This one is still very rough around the edges. Rounds go by month rather than subject, which makes the quiz feel very disjointed. They still have celebs reading answers and draining the room of its energy. But Sharon Osbourne’s enthusiasm pushes this thing to the middle of the heap. Just cackling like a mad witch and blurting out answers. She doesn’t seem to understand how the quiz works, or even where she is at some points, but she and Jonathan Ross show the proper disregard for authority a Difficult Team needs. The edgelordy jokes are kept to a minimum — mostly some weird Islamophobic stuff about an Arabic translation of Homer Simpson. One is thrust right back into Iraq War discourse with these early episodes.
25. Channel 4 Anniversary Special (The One That Makes No Sense to Americans)
This quiz celebrates Channel 4, literally the fourth British TV station. It lauds staples of British TV like Countdown: a show where people do math but call it maths and it makes no sense. Channel 4 also gave us Big Brother and, of course, the backbone of all TV the world round, Friends reruns. David Mitchell and Richard Ayoade are teamed in this one, which is a bit too dry-on-dry. It’s like if you put a slice of toast between two other pieces of toast. Their best running gag is using the surname “Devilleneuve” repeatedly in their guesses, assuming that someone at some point in history had that name. But in the intros, Frank Skinner gets one of the best insults of Jimmy Carr’s appearance ever on the show: He said Carr looks like someone who’s just taken off their glasses. It’s true. The similarity between Jimmy Carr and Milhouse petting the horseshoe crab is uncanny.
24. 2010 (The First Ayoade/Fielding Team-Up)
Richard Ayoade and Noel Fielding have become the perennial bad boys (or silly boys at least) of The Big Fat Quiz. Fielding was originally paired with Russell Brand, but he got too famous for it after Get Him to the Greek. Fielding and Ayoade were already friends and collaborators, having worked together on The Mighty Boosh and The IT Crowd. This is their first quiz together, and the magic of their pairing has yet to fully emerge. Like the quiz itself, the Ayoade/Fielding double act needed an episode or two to figure out the kayfabe. Ayoade calls their team-up “The Niche Corner,” but they aren’t the Rude Niche Corner yet.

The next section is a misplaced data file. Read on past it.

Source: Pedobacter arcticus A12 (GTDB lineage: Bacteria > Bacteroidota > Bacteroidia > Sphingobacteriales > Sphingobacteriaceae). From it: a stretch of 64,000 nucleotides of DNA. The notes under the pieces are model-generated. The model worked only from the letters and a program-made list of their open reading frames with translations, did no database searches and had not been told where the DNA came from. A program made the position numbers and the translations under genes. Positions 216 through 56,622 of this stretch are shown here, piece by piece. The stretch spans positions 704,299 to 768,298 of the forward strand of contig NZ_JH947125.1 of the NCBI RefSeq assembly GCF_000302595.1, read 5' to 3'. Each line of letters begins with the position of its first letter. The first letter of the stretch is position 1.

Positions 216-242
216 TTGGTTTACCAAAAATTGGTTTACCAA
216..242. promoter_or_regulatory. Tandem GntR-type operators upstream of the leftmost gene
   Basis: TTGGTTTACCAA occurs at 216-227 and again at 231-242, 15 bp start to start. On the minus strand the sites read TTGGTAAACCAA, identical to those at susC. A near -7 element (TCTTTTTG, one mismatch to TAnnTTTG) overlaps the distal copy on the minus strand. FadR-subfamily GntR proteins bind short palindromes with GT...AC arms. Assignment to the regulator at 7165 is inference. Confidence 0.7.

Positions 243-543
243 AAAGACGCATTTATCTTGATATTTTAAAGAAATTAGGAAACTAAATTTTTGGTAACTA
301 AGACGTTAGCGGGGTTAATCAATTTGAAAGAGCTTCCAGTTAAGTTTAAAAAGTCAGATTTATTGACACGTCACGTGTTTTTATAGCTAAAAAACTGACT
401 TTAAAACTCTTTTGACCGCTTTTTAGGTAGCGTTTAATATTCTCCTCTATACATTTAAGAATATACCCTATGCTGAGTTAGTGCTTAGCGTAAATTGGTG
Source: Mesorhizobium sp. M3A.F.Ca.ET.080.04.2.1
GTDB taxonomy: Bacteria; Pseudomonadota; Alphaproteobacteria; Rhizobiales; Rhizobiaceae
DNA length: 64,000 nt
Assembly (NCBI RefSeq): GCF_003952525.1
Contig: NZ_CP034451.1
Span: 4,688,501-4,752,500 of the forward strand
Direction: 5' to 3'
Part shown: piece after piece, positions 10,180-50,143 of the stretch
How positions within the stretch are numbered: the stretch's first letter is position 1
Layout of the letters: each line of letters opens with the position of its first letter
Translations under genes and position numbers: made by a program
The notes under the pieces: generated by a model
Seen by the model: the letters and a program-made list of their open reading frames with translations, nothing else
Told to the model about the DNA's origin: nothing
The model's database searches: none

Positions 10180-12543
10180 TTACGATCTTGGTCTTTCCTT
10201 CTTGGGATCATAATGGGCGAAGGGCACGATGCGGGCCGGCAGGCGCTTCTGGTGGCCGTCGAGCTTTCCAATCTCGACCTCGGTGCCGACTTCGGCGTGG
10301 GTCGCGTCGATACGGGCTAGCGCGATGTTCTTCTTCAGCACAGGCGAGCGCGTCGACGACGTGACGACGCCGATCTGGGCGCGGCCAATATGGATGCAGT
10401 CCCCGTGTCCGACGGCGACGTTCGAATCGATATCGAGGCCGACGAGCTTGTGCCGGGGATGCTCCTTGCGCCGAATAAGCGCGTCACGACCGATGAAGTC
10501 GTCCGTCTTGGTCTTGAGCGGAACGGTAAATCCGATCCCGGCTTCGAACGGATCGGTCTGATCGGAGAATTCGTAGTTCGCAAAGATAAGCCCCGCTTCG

Highlights of the quiz include an interpretive dance by Louie Spence depicting the Chilean miner story, Jonathan Ross with a truly horrendous goatee, and a woman who saved a cat. It’s a pleasant enough outing, but it can’t help but be disappointing if you know the glory of what’s to come.
23. 2018 (The One With Michelle Wolf)
Americans are hit or miss on this show. Michelle Wolf has expressed her love for British panel shows, but the quiz format holds her back somewhat. As a panelist, you have to decide to either know all the answers or hold the quiz in disdain. But Wolf is almost tentative. She seems aware she’s on other people’s turf, which does her brash brand a disservice. This is also a weirdly low-scoring year. Nobody seems to know the answers and everyone seems mad about it. Noel Fielding especially has a “let’s get this over with” energy rather than the more playful persona he usually brings. Even a fake Hulk wrecking the set at the end feels somewhat joyless.
22. 2016 (The One With Rob Delaney)
On the opposite end of the American guest spectrum, we have Rob Delaney. Delaney had been in the U.K. ever since Catastrophe started, so he was up-to-date on the news and wanted everyone to know. The problem with that, however, was that he had been paired with arch silliness impresario Richard Ayoade. The two had great quiz styles that tasted bad together. This was also the first Hell Year quiz, before we as a people were inured to the pain current events bring. Brexit was still sore, Trump’s dumb inauguration was yet to be, and we were all down because we thought the worst had already happened. Golly gee, were we wrong.
21. 2019 (The One With Tequila Pineapples)
The best part of this quiz are all the Prince Andrew jokes. From what I can gather from the quiz, Prince Andrew said he couldn’t have been a part of Epstein’s pedo ring because he (1) had pizza one time and (2) is too brave to sweat? Someday we will get one heckuva Crown season. And 70-year-old Jamie Bell is going to crush.